Perhaps you, like me, have been raised in the traditional school of Compensation & Benefits. This school was born out of the historically discretionary, unfair and biased practices which grandpa was subject to. No science or rigour – just the bosses deciding arbitrarily who would share in the blessings of a good year.
Professional organisations needed to move away from those days toward sound and tested remuneration and reward practices which are well researched, objective, consistently applied, benchmarked….. we all know the reasons. So, now we have Comp & Bens experts with spreadsheets doing regression analyses, we have the massive surveys which take a month to complete and a morning to read, and we have organised labour negotiating for days to ensure equity and remove any hint of managerial prerogative.
Of course, we do need structure and science in our compensation design – both fixed and variable pay. Yes, we tweak with the various elements all the time, but this is all necessary. Remuneration and rewards then become entirely predictable, as we seek to drive and pay for performance. KPIs are cascaded, interlinked, and then locked into a system. No surprises – good or bad – by design.
Perhaps, in our sanitisation efforts, we might have missed out on some of the benefits of discretionary awards. These can have a place in our reward mix, even if there are undeniable flaws in methodology and execution. Let’s consider how these might work.
Firstly, you want to de-link discretionary awards from the normal remuneration system, create a separate budget, and use a different mindset in design. Remember, this is not a substitute for your compensation strategy, but a supplement to it. It is not about money, but psychology. It is often retrospective, rather than driving future performance. For a start, have as few rules as possible.
Incidental Awards can be useful in supporting a particular drive or project. They can be constructed around a theme, or be introduced just as a once-off for a period of time. Simple movie tickets are a very inexpensive way of recognising extra effort. Vouchers to stores are always appreciated, especially among general staff. They are easy to acquire, can be given to young & old, male & female, countrywide. They have a reasonable memory-life, and no storage problems associated with physical gifts. A great idea when budgets are tight.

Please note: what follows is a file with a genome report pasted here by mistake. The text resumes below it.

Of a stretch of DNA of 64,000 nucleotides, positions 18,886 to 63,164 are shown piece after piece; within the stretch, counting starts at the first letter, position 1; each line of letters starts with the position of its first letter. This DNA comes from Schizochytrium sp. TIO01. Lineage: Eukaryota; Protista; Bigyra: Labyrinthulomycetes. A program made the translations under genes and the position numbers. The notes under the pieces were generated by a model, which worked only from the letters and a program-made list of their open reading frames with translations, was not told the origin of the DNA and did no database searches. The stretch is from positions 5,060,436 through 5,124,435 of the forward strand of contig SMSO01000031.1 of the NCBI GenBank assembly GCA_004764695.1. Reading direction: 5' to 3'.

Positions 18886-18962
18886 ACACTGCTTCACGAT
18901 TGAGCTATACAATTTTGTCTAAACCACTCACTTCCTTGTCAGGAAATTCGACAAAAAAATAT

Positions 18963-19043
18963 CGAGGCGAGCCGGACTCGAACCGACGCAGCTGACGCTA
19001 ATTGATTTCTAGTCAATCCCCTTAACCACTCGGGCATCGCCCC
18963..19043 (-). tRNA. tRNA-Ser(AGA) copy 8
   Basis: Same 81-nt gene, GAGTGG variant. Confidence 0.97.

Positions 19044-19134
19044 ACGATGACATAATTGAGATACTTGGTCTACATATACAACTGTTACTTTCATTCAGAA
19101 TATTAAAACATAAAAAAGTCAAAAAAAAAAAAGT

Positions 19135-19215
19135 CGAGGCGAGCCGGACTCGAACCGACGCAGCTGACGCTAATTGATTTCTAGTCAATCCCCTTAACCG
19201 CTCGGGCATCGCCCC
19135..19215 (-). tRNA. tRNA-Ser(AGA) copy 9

Sales Incentives frequently involve some of the most imaginative design elements, and clearly are results-inducing, hence the higher price tag. I have seen some outrageous incentives targeted at spouses, to induce support and even pressure on the sales employee. The overseas “conference” is a regular winner, as both partners are pampered.
Rarity Value of certain rewards can make them particularly memorable. For instance, a “collector’s item” gift from the CEO can be seen by the ambitious as a status symbol and something to strive for.
The Ego boost is the kind of reward which no one would normally do for themselves. For instance, exclusive car dealerships will rent out a Ferrari or Rolls Royce for a weekend. The recipient will use it to visit every friend he has over that weekend, each time retelling and reinforcing why he won the award.